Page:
It’s official. As reported in the news recently, the average age of becoming a dad is on the rise. So, dads are getting older – but aren’t we all?
Some might say that the onset fatherhood or motherhood comes with some significant baggage: middle age.
However, I disagree. It’s a bit of a cop-out to base the definition of our personal stage of life on the existence/age of a small human being or two. But if I’m right, when exactly does middle age begin?
Is it when we lose any decent dress sense? Or is it a loss of taste in music? When we lose all sense of adventure? Or could it be when we gladly embrace blandness? Maybe it’s a physical phase, such as the loss of hair or the infamous ‘spread’? Or maybe it’s just the loss of any sense of rhythm when dancing?
Or is middle age when we just totally lose it? The plot. Our sanity. We fall into ‘crisis’.
Some would say that in reality I’ve been ‘middle aged’ since about my 9th birthday. But with the passing months and years, some of the classic hallmarks are beginning to crop up in my character and attitudes with alarming regularity and accuracy. Oh dear.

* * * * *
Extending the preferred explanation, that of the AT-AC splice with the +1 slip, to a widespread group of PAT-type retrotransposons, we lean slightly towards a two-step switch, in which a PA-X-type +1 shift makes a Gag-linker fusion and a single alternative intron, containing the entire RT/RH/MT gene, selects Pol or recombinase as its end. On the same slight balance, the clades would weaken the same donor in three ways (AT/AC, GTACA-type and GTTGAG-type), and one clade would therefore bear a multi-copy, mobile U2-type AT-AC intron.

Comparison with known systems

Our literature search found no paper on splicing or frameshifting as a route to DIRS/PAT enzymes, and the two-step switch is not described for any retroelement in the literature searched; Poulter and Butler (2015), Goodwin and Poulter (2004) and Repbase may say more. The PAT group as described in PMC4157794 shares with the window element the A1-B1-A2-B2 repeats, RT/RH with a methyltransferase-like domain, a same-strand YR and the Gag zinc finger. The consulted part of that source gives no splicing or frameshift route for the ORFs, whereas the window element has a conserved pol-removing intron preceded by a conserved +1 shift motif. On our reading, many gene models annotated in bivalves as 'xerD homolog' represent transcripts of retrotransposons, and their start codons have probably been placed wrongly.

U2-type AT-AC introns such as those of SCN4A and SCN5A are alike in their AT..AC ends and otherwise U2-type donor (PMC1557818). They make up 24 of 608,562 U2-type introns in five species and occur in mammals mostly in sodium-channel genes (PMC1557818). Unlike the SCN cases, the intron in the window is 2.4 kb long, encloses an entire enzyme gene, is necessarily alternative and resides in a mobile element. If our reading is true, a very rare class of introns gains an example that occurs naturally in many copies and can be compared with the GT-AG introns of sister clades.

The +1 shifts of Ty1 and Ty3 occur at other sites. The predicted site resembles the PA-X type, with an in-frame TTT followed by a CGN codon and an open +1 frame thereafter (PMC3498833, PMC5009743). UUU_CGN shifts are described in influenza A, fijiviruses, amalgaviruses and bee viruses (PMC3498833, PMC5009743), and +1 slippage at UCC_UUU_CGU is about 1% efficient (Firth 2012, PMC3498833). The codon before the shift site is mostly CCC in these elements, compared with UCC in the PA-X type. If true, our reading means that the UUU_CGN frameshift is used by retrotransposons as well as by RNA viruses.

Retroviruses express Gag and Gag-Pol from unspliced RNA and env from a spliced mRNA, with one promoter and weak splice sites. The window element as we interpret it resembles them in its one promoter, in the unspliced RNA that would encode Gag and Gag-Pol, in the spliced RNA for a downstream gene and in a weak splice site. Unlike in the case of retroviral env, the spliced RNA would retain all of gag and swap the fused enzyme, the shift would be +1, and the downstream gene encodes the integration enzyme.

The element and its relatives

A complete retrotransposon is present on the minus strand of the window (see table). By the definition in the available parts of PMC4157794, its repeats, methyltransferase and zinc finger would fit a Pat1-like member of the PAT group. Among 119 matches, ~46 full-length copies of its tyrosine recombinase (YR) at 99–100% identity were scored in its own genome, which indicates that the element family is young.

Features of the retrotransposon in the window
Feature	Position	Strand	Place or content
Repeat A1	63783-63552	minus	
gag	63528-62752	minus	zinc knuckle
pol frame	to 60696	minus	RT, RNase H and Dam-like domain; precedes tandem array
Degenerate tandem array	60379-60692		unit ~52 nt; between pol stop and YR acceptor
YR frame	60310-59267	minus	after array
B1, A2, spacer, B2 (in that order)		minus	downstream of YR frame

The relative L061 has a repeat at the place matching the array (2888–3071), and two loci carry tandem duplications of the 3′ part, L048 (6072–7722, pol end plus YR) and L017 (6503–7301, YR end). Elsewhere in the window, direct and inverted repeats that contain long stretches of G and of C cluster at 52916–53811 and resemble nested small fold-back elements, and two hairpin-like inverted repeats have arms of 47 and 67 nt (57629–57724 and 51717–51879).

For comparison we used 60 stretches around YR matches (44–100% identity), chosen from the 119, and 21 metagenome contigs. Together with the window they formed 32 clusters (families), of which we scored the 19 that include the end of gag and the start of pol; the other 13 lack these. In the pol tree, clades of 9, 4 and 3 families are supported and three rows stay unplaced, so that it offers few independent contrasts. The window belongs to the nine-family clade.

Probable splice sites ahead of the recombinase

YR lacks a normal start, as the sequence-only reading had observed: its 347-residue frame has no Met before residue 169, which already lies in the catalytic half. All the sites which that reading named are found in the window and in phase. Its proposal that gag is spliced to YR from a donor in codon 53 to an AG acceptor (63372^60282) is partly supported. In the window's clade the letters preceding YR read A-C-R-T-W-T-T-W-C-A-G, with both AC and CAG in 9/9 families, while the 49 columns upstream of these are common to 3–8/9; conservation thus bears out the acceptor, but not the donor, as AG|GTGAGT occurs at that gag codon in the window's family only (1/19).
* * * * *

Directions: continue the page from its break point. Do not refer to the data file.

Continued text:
As parents, the cross that some of us have to bear is that being Mum or Dad can serve to accelerate the onset of middle age. Our responsibilities grow and our wrinkles appear … or maybe just deepen!
I recently carried out a little survey on the blog’s Facebook page about when people think middle age begins. The results were interesting (the top-rated age bracket was 45-49, soon followed by ‘never’!), but the comments I received (including from an inspirational group of other dad bloggers) were even more revealing. Some took a statistical approach and identified the mid-point of life (the most accurate response was 37.675, for the record), but others defined it as a state of mind – some stage in the future when we start to think like people who think they’re middle aged.
More interestingly, I don’t think anybody voted for an age bracket that they’re actually already in. So perhaps middle age will only ever be a box that others may put us in, but it will never be a label that we’ll be happy to slap on ourselves. (Perhaps some of my stereotypical suggestions above may explain why!)
However we may choose to define it, there are some obvious (often clichéd) hallmarks about middle age which we cannot dispute. Even though I hope that, personally speaking, true middle age is a few years away, I may already be heading down that slippery slope. But will I ever get to the bottom? I hope not.
Now, if you’ll excuse me, I’m off to buy that sports car …